I’m full of rage and loathing for the unjust and unequal way our political masters attack the weak and protect the strong, and although I’m not an overtly political writer, I suspect some of those feelings find their way into stories. I hope so, anyway.
Oh, my iPod’s playing the Ramones now. Marvelous.
But none of this is where the magic happens, not really. The magic happens in a much harder to define area, one that I’ll call “people.” When I write, even when I write pulp, I can’t escape from the fact that my interests are people’s reactions and inter-reactions, their emotional connections with each other and their own feelings and histories, so the most important thing, the biggest influence on me, are the people in my life. I love a beautiful woman whose touch thrills me and who the sight of can make my shoulders roll back and make me stand straighter, I have a son whose company I adore (although he’s very like me, and we argue too much), I have a family and friends who I love even when they annoy the crap out of me. Versions of these relationships, extrapolations from them, reductions of them, they find their way into everything I write. Without this emotional life to draw on, I wouldn’t be a writer; I’d be, at best, a robot and at worst an amoeba. The magic is there, all around me, in the good relationships and the bad, in the things we do to hurt and love each other, in the kisses we share and the hands we hold and the cross words we shout and the time we spend together, real magic, too powerful to contain or control. All I can do is hope to see its outline and to use it as best I can.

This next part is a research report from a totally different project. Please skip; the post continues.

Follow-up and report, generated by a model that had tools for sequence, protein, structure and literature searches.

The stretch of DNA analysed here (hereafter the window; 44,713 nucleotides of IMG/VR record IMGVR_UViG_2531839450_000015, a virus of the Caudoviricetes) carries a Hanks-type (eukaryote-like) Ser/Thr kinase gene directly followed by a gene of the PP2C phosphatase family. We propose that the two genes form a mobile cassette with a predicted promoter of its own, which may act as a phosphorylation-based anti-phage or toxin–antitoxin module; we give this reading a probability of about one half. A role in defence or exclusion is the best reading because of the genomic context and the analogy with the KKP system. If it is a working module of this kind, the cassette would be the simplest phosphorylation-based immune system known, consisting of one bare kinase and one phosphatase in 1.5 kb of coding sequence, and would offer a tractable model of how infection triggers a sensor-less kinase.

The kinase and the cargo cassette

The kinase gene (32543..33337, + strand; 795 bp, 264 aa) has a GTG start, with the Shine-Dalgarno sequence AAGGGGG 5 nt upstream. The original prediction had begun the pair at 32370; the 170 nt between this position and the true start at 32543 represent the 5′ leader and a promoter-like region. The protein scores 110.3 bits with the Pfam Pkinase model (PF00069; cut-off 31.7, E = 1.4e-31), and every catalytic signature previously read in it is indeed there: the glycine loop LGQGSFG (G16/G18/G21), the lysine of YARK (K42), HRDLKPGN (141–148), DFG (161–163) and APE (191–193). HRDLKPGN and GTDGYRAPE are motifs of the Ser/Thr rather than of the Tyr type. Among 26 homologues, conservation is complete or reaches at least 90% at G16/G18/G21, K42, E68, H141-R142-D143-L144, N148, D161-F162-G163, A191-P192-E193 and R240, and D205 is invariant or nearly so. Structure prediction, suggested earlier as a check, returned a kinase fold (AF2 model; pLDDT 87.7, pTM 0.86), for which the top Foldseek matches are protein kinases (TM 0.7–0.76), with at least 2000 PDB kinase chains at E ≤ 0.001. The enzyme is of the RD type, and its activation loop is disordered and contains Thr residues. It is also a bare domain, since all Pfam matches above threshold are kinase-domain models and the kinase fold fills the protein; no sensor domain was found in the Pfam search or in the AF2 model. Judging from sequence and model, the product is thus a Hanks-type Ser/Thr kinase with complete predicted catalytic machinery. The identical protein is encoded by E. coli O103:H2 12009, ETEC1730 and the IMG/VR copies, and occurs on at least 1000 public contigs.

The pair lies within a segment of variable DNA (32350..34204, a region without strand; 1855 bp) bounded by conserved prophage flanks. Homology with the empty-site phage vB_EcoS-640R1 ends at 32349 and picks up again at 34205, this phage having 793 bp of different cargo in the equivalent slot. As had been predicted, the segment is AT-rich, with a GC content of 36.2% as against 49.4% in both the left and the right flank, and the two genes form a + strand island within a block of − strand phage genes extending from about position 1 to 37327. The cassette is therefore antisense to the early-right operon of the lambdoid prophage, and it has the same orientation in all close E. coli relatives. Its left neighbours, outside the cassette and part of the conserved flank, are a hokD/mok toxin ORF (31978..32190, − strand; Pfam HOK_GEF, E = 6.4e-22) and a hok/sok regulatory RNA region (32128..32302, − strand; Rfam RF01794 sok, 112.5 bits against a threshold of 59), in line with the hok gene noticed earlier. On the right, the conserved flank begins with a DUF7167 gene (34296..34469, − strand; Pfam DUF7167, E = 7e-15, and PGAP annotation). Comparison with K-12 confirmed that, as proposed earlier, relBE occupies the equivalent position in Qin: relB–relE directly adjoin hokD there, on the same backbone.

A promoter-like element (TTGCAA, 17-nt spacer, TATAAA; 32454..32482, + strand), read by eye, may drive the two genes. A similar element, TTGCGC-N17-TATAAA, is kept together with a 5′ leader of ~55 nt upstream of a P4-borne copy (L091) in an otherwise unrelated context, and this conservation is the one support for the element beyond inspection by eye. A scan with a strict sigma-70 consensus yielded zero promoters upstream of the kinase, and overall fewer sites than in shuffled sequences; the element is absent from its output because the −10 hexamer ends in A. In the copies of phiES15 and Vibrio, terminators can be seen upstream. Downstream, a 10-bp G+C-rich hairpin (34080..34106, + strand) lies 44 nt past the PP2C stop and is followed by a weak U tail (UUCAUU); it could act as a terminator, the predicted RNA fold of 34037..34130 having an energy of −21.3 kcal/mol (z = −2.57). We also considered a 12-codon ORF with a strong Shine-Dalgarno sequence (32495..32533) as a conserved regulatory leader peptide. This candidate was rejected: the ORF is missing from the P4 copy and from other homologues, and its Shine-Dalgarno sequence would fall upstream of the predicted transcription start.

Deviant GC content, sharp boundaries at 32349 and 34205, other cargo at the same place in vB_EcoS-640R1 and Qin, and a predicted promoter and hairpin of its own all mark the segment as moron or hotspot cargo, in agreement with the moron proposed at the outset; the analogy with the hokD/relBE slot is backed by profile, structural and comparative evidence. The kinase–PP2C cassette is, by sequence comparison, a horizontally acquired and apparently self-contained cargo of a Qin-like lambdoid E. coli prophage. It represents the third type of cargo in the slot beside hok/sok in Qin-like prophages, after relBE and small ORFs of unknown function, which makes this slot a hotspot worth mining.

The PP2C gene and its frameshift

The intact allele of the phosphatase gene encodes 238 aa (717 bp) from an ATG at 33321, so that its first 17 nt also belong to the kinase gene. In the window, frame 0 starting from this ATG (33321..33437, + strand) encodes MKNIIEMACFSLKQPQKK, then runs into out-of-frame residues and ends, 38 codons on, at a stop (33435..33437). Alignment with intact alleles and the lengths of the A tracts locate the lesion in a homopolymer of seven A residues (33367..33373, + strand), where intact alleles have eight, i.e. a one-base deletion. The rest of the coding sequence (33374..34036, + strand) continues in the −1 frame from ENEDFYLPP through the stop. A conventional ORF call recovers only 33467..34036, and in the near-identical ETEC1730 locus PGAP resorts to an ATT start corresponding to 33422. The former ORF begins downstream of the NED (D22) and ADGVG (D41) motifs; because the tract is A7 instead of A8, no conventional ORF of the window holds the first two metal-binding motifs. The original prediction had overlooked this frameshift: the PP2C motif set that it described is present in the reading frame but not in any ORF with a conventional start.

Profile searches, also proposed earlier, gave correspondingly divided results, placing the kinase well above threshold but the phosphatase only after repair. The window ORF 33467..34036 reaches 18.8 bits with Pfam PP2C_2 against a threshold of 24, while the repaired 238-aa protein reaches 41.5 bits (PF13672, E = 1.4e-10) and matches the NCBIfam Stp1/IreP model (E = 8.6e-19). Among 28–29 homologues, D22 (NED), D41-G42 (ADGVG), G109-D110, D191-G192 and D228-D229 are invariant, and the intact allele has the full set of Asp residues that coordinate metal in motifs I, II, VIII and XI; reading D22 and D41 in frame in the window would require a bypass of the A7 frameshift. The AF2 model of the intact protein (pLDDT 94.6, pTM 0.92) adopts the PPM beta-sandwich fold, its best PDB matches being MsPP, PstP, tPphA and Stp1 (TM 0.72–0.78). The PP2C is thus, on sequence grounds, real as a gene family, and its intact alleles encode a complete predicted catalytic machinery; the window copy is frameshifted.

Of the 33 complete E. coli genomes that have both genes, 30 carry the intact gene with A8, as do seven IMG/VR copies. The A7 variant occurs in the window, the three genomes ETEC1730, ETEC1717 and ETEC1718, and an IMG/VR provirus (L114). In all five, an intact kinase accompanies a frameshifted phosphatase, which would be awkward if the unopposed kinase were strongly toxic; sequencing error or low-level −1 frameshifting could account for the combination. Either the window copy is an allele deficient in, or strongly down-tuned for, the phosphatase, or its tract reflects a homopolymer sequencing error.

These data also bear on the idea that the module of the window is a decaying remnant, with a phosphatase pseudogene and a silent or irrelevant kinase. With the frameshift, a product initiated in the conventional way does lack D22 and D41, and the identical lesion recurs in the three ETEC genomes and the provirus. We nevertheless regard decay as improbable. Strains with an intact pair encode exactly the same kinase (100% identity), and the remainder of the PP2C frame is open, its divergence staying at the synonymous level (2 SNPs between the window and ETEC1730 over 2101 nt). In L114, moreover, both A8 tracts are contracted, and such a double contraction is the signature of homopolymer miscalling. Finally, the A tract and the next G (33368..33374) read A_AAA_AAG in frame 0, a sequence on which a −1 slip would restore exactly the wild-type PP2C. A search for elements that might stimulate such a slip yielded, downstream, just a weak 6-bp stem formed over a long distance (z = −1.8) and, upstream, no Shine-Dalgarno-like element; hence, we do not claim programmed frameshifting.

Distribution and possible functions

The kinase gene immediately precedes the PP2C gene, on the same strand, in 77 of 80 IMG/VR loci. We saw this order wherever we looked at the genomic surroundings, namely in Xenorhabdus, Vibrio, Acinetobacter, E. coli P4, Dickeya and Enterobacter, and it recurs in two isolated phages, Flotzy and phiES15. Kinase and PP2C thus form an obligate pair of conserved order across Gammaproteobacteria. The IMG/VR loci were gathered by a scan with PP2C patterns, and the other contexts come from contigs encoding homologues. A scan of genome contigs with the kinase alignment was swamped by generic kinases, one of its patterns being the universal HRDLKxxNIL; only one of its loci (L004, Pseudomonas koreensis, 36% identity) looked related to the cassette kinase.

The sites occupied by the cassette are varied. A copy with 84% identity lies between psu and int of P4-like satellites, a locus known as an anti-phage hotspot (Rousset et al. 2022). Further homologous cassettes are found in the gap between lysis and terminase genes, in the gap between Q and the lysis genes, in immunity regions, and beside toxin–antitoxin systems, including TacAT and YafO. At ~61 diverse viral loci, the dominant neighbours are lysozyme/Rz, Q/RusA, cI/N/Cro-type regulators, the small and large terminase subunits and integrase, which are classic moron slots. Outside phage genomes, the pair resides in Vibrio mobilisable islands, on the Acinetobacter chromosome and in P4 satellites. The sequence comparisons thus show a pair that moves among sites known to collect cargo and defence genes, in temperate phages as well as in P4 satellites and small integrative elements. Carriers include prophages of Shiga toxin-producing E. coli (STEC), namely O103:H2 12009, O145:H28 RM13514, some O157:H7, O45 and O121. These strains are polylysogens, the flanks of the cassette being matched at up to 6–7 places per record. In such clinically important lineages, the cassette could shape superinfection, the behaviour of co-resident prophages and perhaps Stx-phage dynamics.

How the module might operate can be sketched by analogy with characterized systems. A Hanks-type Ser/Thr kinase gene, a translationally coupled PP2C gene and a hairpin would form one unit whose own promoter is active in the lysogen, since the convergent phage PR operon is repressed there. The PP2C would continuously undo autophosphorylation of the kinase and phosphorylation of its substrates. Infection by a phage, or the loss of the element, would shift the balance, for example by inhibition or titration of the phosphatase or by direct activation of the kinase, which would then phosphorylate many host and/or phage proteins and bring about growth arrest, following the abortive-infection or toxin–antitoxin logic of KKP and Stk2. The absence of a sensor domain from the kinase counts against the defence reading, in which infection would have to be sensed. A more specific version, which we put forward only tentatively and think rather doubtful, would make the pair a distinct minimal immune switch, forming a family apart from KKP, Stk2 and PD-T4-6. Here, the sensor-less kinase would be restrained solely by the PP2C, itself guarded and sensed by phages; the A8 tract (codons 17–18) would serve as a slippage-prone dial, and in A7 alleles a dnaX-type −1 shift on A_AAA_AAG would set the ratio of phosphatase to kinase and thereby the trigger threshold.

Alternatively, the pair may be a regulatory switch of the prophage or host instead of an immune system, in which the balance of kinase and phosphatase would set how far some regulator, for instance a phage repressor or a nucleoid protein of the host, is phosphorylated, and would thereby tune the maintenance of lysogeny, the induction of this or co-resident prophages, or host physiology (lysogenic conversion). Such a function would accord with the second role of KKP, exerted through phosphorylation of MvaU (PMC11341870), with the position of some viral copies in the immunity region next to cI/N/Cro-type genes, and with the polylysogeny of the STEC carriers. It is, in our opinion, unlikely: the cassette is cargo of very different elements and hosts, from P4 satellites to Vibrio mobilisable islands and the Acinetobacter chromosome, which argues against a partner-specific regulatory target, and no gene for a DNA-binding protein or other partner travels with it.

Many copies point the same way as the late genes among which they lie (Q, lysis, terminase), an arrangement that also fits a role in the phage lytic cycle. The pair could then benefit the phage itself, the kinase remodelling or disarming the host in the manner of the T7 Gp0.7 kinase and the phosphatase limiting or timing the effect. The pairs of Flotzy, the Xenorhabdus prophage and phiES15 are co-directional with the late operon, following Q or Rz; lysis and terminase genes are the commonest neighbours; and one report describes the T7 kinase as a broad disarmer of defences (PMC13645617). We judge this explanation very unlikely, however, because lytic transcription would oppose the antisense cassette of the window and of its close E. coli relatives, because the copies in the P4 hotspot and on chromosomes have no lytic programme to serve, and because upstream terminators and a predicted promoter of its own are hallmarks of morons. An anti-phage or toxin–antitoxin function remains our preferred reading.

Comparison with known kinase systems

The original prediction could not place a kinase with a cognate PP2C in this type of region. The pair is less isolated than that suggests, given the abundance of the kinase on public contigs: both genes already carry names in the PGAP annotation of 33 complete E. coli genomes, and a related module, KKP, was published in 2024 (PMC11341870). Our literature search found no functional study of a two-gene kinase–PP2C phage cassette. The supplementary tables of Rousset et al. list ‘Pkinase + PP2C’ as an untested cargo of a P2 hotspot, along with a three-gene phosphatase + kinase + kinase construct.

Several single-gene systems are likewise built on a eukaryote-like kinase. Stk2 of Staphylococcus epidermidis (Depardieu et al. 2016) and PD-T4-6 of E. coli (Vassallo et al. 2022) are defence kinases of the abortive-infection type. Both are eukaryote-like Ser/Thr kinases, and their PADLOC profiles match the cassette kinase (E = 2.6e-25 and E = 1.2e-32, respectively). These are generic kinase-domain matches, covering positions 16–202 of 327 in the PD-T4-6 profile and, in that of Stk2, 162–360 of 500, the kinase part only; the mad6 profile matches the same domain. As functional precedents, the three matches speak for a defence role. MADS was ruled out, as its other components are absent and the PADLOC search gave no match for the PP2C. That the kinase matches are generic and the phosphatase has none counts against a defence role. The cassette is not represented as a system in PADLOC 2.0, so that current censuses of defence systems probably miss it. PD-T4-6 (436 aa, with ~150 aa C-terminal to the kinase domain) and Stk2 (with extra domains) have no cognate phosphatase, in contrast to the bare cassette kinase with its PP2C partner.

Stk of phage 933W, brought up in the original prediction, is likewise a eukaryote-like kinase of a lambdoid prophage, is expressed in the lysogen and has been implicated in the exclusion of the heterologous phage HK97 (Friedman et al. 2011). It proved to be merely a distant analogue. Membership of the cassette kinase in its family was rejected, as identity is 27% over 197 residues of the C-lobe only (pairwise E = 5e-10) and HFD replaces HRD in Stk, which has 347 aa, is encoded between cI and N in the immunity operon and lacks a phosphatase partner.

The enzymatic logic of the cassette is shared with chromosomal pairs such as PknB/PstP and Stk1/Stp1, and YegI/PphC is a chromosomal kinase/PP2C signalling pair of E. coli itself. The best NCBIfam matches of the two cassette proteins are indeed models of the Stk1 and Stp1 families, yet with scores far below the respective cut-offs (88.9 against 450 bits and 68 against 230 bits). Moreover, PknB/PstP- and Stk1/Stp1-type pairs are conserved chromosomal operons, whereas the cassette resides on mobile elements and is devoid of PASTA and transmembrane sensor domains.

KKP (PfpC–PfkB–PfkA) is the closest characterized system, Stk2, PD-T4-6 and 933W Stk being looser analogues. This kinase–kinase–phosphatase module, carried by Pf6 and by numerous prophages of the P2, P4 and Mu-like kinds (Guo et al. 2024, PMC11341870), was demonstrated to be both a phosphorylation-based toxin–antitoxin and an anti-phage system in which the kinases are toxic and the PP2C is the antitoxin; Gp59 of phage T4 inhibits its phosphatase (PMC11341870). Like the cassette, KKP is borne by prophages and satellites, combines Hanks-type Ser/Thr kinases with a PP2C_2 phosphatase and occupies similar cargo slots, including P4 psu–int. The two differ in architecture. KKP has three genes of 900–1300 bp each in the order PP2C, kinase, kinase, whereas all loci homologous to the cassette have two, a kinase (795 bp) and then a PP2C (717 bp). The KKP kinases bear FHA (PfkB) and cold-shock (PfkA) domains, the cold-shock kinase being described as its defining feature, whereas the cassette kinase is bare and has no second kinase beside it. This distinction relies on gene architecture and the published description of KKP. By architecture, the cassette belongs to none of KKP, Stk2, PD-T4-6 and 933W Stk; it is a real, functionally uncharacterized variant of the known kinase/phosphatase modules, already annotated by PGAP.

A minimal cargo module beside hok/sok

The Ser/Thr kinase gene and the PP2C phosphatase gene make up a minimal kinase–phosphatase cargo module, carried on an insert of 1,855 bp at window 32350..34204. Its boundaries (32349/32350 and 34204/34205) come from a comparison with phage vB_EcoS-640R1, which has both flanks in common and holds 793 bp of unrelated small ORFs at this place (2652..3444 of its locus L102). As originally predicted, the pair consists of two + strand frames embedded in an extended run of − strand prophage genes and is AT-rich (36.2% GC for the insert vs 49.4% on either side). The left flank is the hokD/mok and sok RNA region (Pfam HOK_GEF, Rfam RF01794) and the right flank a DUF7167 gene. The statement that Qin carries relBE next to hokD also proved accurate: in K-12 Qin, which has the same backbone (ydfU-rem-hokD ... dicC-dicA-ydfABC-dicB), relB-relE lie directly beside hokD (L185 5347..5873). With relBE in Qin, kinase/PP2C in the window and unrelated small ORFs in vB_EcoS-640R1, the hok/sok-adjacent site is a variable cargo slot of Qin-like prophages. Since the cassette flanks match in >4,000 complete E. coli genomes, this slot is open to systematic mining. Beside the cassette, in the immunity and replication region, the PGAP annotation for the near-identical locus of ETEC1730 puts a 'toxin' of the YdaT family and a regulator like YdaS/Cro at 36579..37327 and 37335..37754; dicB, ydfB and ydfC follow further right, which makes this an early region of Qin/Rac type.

Mumford and Sons now; well done, iPod.
I write horror stories partly because that’s how I see the world, through filters of terror and blood and supernatural shenanigans, but also because it’s a way of exploring where the magic happens. I don’t really care about zombie attacks, but I do care about what being attacked by zombies might mean for someone trying to protect their family, or trying to get back to the woman he loves, and that’s where it gets interesting. If I can hold parts of my life up to the light and explore them, while at the same time hopefully creating narratives that other people will enjoy (well, okay, be scared and disgusted and upset by), then I’m happy. The stories make sense to me because I base them as far as I can on my interpretations of reality, and if I reach an emotional truth in my writing, it’s only because I’m experiencing emotional connections with people away from the words. Magic, see?
The Bad Shepherds, and that seems like a good place to stop, with the sounds of their slightly sinister, threatening version of “Anarchy in the UK” echoing in my ears. You want magic? Look around you, it’s everywhere.
About the Guest Author
Simon Kurt Unsworth
Simon Kurt Unsworth was born in Manchester in 1972 on a night when, despite increasingly desperate research, he can find no evidence of mysterious signs or portents. He currently lives on a hill in the north of England with his wife and child awaiting the coming flood, where he writes essentially grumpy fiction (for which pursuit he was nominated for a 2008 World Fantasy Award for Best Short Story) whilst being tall, grouchier than he should be and owning a wide selection of garish shirts. His latest collection is the critically acclaimed Quiet Houses, and his work has been published in a number of anthologies including At Ease with the Dead, Shades of Darkness, Exotic Gothic 3 and Lovecraft Unbound. He has also appeared in four Mammoth Book of Best New Horror anthologies and also The Very Best of Best New Horror. His first collection of short stories, Lost Places, was released by the Ash Tree Press in 2010 and he has further collections due, Strange Gateways from PS Publishing in 2012 and an as-yet-unnamed collection that will launch the Spectral Press Spectral Signature Editions imprint in 2013. You can find him on Twitter or Facebook, or in various cafés in Lancaster staring at his MacBook and muttering to himself.